[0086] The last user-specified tuple (i.e., tuple TB7) indicates that the sequence of tokens 18 to 57 is also an example of the aggregate concept “RECORD+” as tuple TB6. Since all-user-specified tuples are processed, the system will generate the following tuples to cover the uncovered segments in the untested token sequence 22′:

[0087] Tuple TB11: (Filler, <html><body>*<tr><td>, 1, 17, _DGR{<html><body>*<tr><td>}); and

[0088] Tuple TB12: (Filler, </td></tr>*</body></html>, 58, 62, _DGR {</td></tr>*</body></html>}).

[0089] It should be noted that although all the concept rules in this embodiment are generated by the computer system, the user is also allowed to define concept rules to specify the relation between tuples.

[0090] After all tokens in the exemplary token sequence 21′ have been specified as specific concepts, an exemplary concept graph 111′ as shown in FIG. 14 is constructed by the concept labeling module 11′ according to the beginning token index and the ending token index of the tuples specified by the user and automatically generated by the computer system (step B05). It should be noted that the concepts specified by tuple TB1 to tuple TB6 are not used to construct the exemplary concept graph 111′ because the concept specified by tuple TB7 covers the concepts specified by tuple TB1 to tuple TB6.

[0091] After the example labeling phase is finished, the computer system begins to extract targeted data from new documents. In the data extraction phase, the computer system first captures the HTML source code of the web page as shown in FIG. 15 (step B06), and tokenizes the HTML source code into the untested token sequence 22′ as shown in FIG. 16 (step B07). After the concept detection module 12′ defines concept candidates (step B08) and constructs the preliminary concept graph 121′ as shown in FIG. 17 (step B09), the preliminary concept graph 121′ is then converted into a hypothetical concept graph 131′ as shown in FIG. 18 by the concept building module 13′ using the concept rules 113′ generated in the example labeling phase (step B10).

[0092] The hypothetical concept graph 131′ is then sent to the concept sequence selection module 14′ for comparing the hypothetical concept graph 131′ in FIG. 18 with the exemplary concept 111′ in FIG. 14 by applying the dynamic programming technique (step B11) to determine an optimal hypothetical concept sequence 141′ as shown in FIG. 19 (step B12). Next, the matched target concept 33′ (identical to the target concept 32′ shown in FIG. 19) is extracted from the optimal hypothetical concept sequence 141′ (step B13). As a result, the matched target concept 33′ in this embodiment is an aggregate concept, and it has to be spanned as illustrated in FIG. 20 based on the afore-determined concept rules (step B14) for enabling the computer system to extract the targeted data (step B15). That is, with reference to FIG. 16, the computer system can extract the currency names (corresponding to the target concept “NAME”), the exchange rates of buying cash (corresponding to the target concept “BUY”), and the exchange rates of selling cash (corresponding to the target concept “SELL”) from the untested token sequence 22′.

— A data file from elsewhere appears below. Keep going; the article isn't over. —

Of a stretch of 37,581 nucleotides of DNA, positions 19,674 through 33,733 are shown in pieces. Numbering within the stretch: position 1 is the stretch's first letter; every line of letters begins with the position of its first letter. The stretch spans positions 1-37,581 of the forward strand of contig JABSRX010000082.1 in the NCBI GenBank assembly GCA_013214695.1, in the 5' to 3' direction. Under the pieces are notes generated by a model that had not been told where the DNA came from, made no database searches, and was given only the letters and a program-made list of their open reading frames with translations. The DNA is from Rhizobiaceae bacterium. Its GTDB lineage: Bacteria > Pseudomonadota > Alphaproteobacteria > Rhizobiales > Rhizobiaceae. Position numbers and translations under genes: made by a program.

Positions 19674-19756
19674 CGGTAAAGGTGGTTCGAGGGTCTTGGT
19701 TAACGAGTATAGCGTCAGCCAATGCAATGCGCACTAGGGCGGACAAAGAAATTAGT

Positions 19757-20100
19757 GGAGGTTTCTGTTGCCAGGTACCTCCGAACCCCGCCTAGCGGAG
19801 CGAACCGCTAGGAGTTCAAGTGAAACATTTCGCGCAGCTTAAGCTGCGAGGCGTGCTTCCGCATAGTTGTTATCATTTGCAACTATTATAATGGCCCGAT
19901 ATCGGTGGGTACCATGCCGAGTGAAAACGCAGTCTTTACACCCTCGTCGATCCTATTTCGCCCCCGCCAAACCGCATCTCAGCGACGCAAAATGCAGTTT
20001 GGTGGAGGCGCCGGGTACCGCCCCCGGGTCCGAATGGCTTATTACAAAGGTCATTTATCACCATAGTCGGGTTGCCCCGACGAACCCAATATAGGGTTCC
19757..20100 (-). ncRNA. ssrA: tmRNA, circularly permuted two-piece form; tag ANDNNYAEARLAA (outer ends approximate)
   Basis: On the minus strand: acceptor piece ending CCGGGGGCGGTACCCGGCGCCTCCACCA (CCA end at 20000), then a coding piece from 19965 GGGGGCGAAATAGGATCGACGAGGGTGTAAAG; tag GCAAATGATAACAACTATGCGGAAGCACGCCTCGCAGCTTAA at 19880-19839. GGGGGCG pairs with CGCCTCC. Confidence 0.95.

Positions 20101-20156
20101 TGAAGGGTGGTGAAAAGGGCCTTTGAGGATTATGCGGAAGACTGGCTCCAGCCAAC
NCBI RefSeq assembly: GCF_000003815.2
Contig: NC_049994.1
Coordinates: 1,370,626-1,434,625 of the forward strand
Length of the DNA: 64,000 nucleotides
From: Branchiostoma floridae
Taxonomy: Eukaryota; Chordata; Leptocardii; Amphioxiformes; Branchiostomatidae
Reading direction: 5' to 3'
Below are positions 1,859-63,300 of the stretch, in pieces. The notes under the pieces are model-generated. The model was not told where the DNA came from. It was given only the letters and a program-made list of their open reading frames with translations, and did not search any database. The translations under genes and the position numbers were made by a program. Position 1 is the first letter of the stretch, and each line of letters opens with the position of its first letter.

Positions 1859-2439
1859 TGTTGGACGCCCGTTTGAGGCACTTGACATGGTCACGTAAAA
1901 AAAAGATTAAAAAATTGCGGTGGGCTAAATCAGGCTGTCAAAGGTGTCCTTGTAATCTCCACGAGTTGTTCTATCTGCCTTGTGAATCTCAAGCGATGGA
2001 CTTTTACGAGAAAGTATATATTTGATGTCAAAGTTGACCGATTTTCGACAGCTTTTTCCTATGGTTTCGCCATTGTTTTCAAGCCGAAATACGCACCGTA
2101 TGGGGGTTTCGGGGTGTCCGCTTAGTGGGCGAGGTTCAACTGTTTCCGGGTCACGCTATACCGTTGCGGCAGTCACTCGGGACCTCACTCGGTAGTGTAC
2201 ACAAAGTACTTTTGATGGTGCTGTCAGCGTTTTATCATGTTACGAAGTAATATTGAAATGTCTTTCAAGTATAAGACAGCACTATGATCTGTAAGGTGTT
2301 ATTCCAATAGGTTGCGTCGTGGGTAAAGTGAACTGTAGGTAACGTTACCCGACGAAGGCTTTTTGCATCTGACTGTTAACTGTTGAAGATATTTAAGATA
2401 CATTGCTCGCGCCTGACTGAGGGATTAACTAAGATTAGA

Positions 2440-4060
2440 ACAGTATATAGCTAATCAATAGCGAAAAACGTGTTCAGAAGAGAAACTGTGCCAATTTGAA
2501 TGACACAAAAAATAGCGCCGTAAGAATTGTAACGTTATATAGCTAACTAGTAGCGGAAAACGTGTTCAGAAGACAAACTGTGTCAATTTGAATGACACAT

[0093] According to the above-mentioned description, it is known that, in the present invention, the user only needs to specify the targeted data of interest as examples in the example labeling phase (namely, the user is allowed to specify target concepts and filler concepts) for enabling the computer system to efficiently predict the location of the targeted data in the untested token sequence based on the user-specified examples. Even if the convention of web page is slightly changed, the method described in the present invention still can accurately extract targeted data. For example, in the second embodiment, the example web page shown in FIG. 12 records the exchange rates of four kinds of currencies with 62 tokens being tokenized, while the untested web page shown in FIG. 15 records the exchange rates of only three kinds of currencies with 51 tokens being tokenized. But the computer system still can precisely extract the exchange rates of USD, JPD, and EUR according to the definition of specific concepts and concept rules. Therefore, the present invention provides a highly-practical and flexible method which is able to extract data of interest without asking the user to specify too many exmaples.

[0094] Although the present invention has been explained in relation to its preferred embodiment, it is to be understood that many other possible modifications and variations can be made without departing from the spirit and scope of the invention as hereinafter claimed.

Referenced by
Citing PatentFiling datePublication dateApplicantTitle
US7519621 *May 4, 2004Apr 14, 2009Pagebites, Inc.Extracting information from Web pages
Classifications
U.S. Classification715/234, 707/E17.091
International ClassificationG06F17/21, G06F17/30
Cooperative ClassificationY10S707/99936, G06F17/3071
European ClassificationG06F17/30T4M